This is not to say that butyrophilin is the cause of all MS'ers state of MS. It is but one of the many proteins found in cow's milk and dairy is only one of five possible food protein groups with the ability to be causal for autoimmunity. In the above example it happened to be the one third of the study group showed this particular protein to be causal. Consider what would have been the percentage had they tested for all of the proteins found in milk AND the other food proteins such as gluten (gliadin).
This work is critical evidence of molecular mimicry in action. -a display of immune activity against both self tissue and a foreign body.
With repect to the Faroes situation, this an excerpt from Multiple Sclerosis and Food Hypersensitivities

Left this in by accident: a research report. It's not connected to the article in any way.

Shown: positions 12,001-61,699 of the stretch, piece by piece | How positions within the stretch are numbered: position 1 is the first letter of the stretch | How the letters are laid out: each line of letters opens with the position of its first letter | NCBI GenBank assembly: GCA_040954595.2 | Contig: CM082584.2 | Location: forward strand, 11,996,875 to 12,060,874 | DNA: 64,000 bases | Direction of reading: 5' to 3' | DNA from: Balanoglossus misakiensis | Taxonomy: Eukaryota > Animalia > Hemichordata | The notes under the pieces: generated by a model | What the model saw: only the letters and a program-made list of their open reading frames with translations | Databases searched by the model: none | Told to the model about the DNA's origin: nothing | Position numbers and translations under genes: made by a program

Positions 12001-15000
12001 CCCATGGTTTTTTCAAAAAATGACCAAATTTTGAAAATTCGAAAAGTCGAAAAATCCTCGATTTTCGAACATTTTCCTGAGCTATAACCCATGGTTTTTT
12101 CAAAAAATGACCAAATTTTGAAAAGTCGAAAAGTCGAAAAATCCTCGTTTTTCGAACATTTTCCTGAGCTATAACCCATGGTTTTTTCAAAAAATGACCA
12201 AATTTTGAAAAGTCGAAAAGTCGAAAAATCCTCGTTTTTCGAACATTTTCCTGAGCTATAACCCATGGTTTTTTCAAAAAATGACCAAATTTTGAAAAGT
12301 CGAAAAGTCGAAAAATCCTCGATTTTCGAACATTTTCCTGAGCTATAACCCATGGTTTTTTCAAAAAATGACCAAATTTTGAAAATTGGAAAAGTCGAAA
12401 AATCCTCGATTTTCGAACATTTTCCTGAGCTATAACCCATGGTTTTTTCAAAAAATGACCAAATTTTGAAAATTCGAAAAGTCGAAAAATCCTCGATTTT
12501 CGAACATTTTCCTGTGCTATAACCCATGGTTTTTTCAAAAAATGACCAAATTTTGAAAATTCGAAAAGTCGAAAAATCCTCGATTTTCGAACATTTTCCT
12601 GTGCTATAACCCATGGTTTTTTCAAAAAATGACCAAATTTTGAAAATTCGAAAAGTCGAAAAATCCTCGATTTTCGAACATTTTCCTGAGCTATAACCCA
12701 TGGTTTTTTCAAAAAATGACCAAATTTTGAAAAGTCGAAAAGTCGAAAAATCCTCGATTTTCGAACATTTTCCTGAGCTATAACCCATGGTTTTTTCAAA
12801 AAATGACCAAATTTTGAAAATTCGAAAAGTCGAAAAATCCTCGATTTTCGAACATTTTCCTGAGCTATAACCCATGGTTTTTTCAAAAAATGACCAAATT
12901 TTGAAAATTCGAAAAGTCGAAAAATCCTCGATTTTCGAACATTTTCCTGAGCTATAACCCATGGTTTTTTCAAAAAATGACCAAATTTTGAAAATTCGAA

One of the most interesting and widely quoted epidemiological studies of MS is that of the greatly increased prevalence of MS in the Faroe Islands (North Atlantic, west of Norway) following the occupation by 1500-2000 British troops between 1941 and 1944 (Kurtzke, 1977, 1980, 1995). Kurtzke has classified this increase as an epidemic although other authors have challenged this view (Benedikz et al., 1994, Poser et al. 1988). Regardless, there can be no doubt that MS prevalence substantially increased in the Faroes following the British occupation. Furthermore, the relationship between MS in the Faroe islanders and the presence of British soldiers is strongly supported by the fact the cases of MS all occurred in islanders who lived close to British bases (Kurtzke, 1980, fig. 15). This is an extremely important constraint because it demonstrates that the environmental factor is not solely indigenous and can transported from one area to another. Any interpretation of the cause of MS must satisfactorily explain the sudden increased prevalence in the Faroes and the mobility of the environmental factor.
The devil they say, is in the details.